#DVPit and Social Media Self-care: Part 2

This piece is the fifth stop (and part 2 of yesterday’s post) of the Spring 2020 #DVpit Blog Hop! #DVpit is a Twitter pitch event for marginalized authors and/or illustrators. The next event is scheduled for April 22-23. For more information, please visit dvpit.com.

Guest Post by Meredith Ireland

Feat. Meredith Ireland

Meredith: Happy… Friday? Is it Friday? Let’s go with Friday. Okay, DVPit is in a few days. Let’s talk about what to do during and after the pitch event for self-care and in general.

Also Meredith: Thanks for having me back. Happy Blursday.

Meredith: Really committing to this format, huh?

Also Meredith: Have to sell it. Okay, so during DVPit you can pitch a project six times. That’s more than enough. You’ll find that one or two pitches gain traction and the rest kind of sit there, but use the six chances to highlight different aspects of your story. Make sure each pitch has the genre/category hashtags because some agents search by them. Tell your followers not to like your pitches if they’re not agents/editors. And definitely pin your favorite/most liked tweet to your profile!

Meredith: How about self-care during the event?

Also Meredith: Drink some water, read a book, go for a walk if you can. It’s both exciting and stressful. If you find yourself unable to breakaway from Twitter, lessen the stress by reading the feed. See what pitches you like. If you think a pitch sounds good reply and let them know. Follow each other. Cheer them on. Quote tweet their pitch without the hashtag for other people to see. I’m now friends with several authors I met during the first DVPit and generally it started with thinking their story sounded cool. You may even find a new critique partner if you both like each other’s concepts. DVPit is NOT just about the number of likes you get.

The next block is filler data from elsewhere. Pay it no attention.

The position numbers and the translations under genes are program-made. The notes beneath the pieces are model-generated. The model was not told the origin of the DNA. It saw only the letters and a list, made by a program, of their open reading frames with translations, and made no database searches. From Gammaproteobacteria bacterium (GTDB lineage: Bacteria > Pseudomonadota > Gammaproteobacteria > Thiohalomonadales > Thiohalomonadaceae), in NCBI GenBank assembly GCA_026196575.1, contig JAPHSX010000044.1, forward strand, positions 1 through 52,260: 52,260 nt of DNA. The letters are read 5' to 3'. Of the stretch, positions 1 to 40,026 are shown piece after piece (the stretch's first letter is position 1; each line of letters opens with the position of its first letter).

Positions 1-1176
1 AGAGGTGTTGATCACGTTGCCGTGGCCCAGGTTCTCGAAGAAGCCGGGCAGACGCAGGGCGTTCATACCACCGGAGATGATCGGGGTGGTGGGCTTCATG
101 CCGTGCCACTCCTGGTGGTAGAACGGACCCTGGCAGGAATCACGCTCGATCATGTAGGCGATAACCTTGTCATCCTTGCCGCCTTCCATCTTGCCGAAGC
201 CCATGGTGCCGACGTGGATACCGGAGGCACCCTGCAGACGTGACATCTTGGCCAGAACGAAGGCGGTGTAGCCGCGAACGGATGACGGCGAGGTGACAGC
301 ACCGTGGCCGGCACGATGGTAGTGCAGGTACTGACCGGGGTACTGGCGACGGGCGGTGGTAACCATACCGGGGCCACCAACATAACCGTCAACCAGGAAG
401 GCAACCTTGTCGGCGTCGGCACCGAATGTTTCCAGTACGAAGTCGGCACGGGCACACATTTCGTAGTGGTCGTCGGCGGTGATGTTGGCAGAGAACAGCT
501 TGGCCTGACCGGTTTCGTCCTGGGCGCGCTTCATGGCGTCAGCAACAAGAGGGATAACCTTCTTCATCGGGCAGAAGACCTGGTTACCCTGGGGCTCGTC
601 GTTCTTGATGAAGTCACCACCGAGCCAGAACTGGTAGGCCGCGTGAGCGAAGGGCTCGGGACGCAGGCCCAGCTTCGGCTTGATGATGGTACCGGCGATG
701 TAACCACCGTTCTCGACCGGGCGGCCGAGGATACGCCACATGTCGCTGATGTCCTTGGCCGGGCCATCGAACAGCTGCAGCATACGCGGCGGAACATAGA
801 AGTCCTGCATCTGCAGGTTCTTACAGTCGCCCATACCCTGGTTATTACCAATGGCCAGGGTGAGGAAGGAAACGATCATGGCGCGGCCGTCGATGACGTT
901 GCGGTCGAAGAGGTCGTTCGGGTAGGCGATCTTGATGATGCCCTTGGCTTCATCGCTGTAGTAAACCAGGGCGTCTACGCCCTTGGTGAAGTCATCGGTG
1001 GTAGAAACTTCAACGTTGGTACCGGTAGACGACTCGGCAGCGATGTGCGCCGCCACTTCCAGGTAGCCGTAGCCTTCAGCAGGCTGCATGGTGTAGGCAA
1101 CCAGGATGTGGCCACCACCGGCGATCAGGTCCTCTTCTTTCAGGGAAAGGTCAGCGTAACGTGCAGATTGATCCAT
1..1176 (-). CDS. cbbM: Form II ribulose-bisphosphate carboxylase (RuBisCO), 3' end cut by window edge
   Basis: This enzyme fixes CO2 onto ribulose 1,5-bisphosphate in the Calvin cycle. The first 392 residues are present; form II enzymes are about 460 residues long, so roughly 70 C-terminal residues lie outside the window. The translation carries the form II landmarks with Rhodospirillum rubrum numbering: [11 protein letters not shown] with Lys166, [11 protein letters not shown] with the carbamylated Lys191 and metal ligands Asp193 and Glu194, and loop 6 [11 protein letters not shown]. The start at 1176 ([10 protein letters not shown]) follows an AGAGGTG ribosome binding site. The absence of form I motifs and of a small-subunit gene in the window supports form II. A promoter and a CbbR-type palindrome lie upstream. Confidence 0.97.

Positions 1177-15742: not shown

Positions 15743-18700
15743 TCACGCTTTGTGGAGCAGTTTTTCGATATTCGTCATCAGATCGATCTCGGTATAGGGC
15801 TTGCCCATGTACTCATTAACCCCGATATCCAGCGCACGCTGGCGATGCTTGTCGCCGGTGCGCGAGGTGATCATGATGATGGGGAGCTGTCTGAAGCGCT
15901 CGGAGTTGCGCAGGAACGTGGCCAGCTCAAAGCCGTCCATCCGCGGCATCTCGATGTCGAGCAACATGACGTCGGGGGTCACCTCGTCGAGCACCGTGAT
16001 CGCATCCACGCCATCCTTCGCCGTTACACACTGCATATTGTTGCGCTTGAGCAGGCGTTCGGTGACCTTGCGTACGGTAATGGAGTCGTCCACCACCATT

Meredith: Let’s talk about likes. What do you do if you pitch and don’t get any likes?

Also Meredith: Cry into a bag of chocolate.

Meredith: Other than cry. Be useful, dammit.

Also Meredith: Alright, if you pitch at 8:00am (I recommend not pitching exactly on the hour because people schedule tweets and usually pick the hour itself) and have no agent likes by say 10:30am, try to alter your remaining pitches. Something about them isn’t resonating. There’s an important caveat here, though: some books simply don’t sum up well and some people are better at crafting pitches than others. Querying is always open to you. Twitter pitch events fast track responses, but no matter how good a pitch is, you still have to send materials, so it comes down to what’s in your book, not the number of likes on a tweet.

Meredith: Okay, let’s go to the other extreme: what do you do if you get a ton of likes?

Also Meredith: Absorb the serotonin like it’s the sun’s rays.

Meredith: Are you going to be helpful or…

Also Meredith: I’m serious! Any agent like or editor retweet is a win. These are dark days. CELEBRATE the wins. Enjoy the serotonin. What you did was amazing: you captured the attention of industry professionals (and probably a bunch of randos who don’t understand the pitch contest and give you annoying false hope). Don’t feel like you have to immediately send out your material. You can just enjoy basking in the likes.

Meredith: Okay, after reveling, then what the next day?

Also Meredith: Spreadsheets!

Meredith: Zzzzz

Also Meredith: It’s not (necessarily) sexy, but you need to make a list of every agent who liked your tweet and every editor who retweeted. From there, I recommend creating a spreadsheet with information including the agent, their agency, when you sent the material, when they requested more (fingers crossed), and then when you sent the full. This is self-care. You’ll thank me when you get an offer of rep and you’re not frantically rummaging through your email to see who requested and who you need to notify because maybe you queried them… Mess.